CSUN math professor Helena Noronha developed the original PUMP program at CSUN and oversaw its expansion to include 10 other CSUs. Photo by Luis Garcia
A California State University, Northridge program that provides support to undergraduate students from underrepresented communities to pursue graduate degrees in the mathematical sciences has been named a 2017 Example of Excelencia in Education.
The honor, given by the national education nonprofit Excelencia in Education, recognized the work of PUMP (Preparing Undergraduates through Mentoring toward Ph.Ds.) for increasing the number of Latino students who enroll in graduate programs in the mathematical sciences.
CSUN was one of only four institutions nationwide named a 2017 Example of Excelencia in Education at the nonprofit’s annual “Celebración de Excelencia” earlier this month in Washington, D.C.
“This is the second time that the PUMP program has received an award,” said CSUN math professor M. Helena Noronha, who started the program. “The first, given by the American Mathematical Society, was a recognition from the mathematical community. This, given by a national nonprofit organization that uses data to select its awardees, not only honors our program, but gives visibility to it — showing that we have a successful model that can be implemented in other disciplines and by a larger community interested in promoting Hispanic/Latino students.
“I thank and share this honor with every mathematics faculty member who has supervised and mentored students in the PUMP program,” Noronha continued. “PUMP would not be a success without their contributions and hard work.”
In addition to CSUN, the other institutions recognized were Bronx Community College in New York; South Texas College; and the community-based organization Waukegan to College in Illinois.
“While angry voices attempt to minimize Latinos’ contributions to our nation, Excelencia in Education brings national recognition and celebrates our contributions,” said Sarita Brown, president of Excelencia in Education. “We celebrate each program’s initiative, and recognize their success. We are mindful that each helps prepare Latino students to make their own unique and timely contributions to the fabric of our nation, and that their contributions and voices will help forge a stronger, more united, more vibrant nation.”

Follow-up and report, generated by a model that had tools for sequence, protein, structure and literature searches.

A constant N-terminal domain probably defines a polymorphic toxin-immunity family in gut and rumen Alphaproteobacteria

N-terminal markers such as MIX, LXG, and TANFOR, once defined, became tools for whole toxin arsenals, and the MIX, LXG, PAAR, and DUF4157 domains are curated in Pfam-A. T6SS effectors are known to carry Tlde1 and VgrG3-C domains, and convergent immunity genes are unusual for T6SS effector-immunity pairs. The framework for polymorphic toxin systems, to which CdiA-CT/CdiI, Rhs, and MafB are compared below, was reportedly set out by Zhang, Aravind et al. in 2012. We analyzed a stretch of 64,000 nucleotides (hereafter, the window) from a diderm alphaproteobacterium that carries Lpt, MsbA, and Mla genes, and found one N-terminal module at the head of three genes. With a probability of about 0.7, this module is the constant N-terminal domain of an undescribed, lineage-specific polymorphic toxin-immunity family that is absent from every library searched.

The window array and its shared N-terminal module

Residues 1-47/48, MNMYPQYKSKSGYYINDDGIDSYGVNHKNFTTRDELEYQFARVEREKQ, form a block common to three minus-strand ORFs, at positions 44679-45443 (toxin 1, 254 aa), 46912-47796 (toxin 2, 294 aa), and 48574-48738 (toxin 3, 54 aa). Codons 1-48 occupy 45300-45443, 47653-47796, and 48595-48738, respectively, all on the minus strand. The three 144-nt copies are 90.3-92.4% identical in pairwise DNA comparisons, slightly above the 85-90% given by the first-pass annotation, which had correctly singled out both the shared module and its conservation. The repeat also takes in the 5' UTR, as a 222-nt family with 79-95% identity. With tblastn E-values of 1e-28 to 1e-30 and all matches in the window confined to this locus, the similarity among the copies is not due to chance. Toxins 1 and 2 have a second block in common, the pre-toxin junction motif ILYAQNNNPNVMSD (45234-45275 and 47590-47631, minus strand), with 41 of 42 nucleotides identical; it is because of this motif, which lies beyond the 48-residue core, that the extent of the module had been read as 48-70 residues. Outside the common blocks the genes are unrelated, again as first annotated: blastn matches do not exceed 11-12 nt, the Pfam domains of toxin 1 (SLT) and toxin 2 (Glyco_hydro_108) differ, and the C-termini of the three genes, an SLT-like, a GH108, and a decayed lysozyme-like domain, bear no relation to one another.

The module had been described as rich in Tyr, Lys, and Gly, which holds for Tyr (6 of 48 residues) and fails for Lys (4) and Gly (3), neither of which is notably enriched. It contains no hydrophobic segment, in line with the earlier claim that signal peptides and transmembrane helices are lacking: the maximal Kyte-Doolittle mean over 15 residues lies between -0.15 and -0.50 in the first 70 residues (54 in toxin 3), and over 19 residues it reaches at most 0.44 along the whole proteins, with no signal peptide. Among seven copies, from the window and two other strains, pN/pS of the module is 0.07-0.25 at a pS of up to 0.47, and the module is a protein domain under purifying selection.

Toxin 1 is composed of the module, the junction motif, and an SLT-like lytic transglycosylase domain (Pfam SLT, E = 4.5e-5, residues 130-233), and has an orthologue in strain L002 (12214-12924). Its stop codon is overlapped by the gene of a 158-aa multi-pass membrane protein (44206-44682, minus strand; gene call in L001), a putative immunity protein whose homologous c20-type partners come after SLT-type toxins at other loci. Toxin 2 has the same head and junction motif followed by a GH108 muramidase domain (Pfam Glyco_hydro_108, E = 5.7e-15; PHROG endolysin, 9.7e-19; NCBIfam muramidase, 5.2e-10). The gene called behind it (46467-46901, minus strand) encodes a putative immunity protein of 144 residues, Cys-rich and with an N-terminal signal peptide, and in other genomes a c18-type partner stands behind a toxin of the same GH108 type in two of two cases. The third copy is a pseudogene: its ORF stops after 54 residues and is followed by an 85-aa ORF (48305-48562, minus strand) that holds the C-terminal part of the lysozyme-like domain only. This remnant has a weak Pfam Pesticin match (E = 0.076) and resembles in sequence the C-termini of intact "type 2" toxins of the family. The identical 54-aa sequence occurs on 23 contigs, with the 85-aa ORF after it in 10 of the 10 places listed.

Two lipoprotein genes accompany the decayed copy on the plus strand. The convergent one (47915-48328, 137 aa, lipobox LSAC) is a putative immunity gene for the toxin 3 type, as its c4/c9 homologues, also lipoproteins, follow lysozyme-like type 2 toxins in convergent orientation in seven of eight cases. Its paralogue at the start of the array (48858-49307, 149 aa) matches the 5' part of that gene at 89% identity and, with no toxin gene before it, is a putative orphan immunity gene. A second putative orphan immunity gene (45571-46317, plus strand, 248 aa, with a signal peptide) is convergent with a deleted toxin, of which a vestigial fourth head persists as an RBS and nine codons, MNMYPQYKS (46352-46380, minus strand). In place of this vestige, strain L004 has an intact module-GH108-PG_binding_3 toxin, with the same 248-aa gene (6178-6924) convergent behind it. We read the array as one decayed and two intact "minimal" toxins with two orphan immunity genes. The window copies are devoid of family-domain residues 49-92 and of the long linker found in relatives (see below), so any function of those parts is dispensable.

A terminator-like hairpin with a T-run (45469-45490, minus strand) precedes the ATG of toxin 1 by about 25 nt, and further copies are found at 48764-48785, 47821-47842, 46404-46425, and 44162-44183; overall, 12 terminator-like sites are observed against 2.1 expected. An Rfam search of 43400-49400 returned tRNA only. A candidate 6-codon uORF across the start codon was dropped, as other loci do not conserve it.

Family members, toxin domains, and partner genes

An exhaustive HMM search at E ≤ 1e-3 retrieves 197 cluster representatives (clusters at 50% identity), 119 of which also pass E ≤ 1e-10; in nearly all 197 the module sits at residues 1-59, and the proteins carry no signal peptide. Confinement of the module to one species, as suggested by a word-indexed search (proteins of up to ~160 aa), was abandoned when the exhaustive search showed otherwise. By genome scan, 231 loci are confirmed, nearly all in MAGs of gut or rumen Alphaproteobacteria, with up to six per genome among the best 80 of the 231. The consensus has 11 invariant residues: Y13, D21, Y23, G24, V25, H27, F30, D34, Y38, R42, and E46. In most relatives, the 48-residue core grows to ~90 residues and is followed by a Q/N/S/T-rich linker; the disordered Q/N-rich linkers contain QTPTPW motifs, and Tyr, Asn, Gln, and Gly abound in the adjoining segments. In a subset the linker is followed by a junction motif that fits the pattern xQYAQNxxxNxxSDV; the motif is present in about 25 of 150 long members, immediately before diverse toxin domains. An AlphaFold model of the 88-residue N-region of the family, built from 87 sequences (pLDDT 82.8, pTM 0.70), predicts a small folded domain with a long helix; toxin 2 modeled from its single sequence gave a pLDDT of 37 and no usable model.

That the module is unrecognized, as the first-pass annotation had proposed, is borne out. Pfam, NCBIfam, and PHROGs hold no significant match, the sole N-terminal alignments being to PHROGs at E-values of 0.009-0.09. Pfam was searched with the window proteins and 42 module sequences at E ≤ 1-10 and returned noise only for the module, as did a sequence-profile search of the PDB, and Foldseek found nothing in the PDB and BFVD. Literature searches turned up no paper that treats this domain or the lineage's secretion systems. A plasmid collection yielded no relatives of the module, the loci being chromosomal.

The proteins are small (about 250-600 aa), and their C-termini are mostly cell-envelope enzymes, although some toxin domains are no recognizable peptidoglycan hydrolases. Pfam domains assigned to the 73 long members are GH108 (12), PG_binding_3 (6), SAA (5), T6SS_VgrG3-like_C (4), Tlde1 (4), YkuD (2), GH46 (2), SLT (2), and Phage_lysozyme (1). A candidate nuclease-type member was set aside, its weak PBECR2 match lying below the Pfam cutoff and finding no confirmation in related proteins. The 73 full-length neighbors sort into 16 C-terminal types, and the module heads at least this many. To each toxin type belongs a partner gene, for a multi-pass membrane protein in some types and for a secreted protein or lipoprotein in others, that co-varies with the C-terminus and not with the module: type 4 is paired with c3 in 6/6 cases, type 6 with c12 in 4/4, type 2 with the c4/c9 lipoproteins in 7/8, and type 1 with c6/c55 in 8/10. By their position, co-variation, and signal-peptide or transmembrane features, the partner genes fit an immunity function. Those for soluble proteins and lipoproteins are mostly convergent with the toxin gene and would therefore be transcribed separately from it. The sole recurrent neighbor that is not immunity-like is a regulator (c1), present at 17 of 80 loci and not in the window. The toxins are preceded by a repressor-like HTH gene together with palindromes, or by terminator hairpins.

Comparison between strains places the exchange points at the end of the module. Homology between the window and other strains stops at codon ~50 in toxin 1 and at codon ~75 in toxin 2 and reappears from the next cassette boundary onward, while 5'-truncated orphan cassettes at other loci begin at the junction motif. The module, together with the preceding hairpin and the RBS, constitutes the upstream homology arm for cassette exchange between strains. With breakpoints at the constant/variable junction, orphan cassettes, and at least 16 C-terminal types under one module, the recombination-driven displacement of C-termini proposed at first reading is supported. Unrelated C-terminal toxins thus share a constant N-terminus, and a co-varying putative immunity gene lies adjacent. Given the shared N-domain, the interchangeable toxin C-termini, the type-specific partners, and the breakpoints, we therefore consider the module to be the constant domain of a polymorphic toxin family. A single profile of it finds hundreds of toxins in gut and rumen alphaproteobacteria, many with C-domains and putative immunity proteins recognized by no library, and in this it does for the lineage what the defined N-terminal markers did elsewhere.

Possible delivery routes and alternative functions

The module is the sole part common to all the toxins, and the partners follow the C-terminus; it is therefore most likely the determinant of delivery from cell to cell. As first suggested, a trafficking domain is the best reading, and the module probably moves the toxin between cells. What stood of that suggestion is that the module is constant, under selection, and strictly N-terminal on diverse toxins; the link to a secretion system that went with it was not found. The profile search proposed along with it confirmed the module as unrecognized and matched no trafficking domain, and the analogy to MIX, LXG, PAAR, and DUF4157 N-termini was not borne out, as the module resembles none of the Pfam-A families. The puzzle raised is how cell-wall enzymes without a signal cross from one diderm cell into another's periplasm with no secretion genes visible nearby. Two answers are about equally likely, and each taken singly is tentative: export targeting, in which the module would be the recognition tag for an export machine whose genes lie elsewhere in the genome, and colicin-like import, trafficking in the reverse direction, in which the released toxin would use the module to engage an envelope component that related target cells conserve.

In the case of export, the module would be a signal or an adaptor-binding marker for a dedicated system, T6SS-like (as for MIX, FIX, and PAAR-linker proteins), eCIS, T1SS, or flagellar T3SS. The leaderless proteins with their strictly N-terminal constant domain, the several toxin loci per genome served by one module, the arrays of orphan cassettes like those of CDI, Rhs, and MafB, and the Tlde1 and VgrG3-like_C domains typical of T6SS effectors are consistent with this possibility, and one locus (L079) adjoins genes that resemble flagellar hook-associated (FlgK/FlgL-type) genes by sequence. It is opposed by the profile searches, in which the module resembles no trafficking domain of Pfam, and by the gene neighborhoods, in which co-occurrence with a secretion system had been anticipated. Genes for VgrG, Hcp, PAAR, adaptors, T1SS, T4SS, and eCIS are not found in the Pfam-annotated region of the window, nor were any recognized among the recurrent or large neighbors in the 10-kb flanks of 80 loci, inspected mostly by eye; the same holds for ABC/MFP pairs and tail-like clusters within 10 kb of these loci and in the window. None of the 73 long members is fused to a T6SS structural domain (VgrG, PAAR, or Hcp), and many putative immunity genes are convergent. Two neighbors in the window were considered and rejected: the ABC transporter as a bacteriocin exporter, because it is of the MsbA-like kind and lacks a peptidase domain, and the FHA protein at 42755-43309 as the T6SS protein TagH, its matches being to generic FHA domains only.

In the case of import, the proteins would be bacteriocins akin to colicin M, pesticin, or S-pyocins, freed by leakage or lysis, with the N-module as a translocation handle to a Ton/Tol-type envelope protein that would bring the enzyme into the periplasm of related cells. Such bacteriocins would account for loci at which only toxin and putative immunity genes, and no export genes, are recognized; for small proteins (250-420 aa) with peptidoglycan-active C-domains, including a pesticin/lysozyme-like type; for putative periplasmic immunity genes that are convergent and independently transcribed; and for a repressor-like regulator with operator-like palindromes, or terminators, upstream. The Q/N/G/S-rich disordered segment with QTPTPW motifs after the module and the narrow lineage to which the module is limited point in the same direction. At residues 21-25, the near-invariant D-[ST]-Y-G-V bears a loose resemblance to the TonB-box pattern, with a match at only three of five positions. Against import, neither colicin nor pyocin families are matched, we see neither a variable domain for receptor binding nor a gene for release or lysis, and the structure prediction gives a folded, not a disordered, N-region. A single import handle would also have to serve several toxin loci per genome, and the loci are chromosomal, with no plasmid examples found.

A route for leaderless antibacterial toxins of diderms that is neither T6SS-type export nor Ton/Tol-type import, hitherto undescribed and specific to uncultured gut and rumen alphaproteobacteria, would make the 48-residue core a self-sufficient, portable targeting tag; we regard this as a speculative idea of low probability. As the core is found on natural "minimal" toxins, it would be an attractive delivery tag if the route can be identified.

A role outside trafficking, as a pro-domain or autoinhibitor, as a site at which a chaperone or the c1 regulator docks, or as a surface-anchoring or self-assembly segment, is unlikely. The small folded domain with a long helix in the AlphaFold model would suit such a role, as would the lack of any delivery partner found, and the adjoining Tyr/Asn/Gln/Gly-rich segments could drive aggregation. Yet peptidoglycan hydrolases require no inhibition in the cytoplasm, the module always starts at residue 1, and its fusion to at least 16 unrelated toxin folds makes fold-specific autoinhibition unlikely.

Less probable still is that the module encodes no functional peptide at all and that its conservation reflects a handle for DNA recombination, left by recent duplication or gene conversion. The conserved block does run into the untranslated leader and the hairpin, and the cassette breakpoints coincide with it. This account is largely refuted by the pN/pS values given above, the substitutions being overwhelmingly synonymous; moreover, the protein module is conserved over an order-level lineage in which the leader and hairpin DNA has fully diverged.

Noronha started PUMP at CSUN in 2005 with a grant from the National Science Foundation (NSF). The goal was to prepare students for Ph.D. programs in the mathematical sciences. It was such a success that in 2013, Noronha received a new NSF grant to extend the program to 10 other CSU campuses.
A key component of the PUMP program is its summer institute, which pays a stipend to sophomore and junior students to attend four weeks of intensive, rigorous courses in linear algebra and analysis. Those areas were chosen because they are fundamental to any specialization the students might choose in graduate school. Working together in the institute also forges long-lasting bonds among the students and greatly increases their motivation and confidence, Noronha said.
The summer institute also provides students with information about how to apply to and succeed in a doctoral program, and about the career opportunities open to them with an advanced degree in mathematics.
PUMP also provides the undergraduates the opportunity to do research, offering modest financial support to the faculty and students involved. The program regularly encourages students to apply for off-campus opportunities and provides support for students to attend regional and national conferences.
Excelencia is a not-for profit organization founded in 2004 in Washington, D.C. It has become a trusted information source on the status of Latino educational achievement, a major resource for influencing policy at the institutional, state and national levels, and a widely recognized advocate for expanding evidence-based practices to accelerate Latino student success in higher education. Excelencia is also building a network of results-oriented educators and policymakers to address the U.S. economy’s need for a highly educated workforce and for civic leadership.
In 2014, CSUN’s College of Engineering and Computer Science was selected by Excelencia in Education as one of that year’s honorable mentions for Examples of Excelencia for the college’s effort to support and mentor students studying engineering and computer science, singling out its Attract, Inspire, Mentor and Support Students (AIMS2) program for special recognition.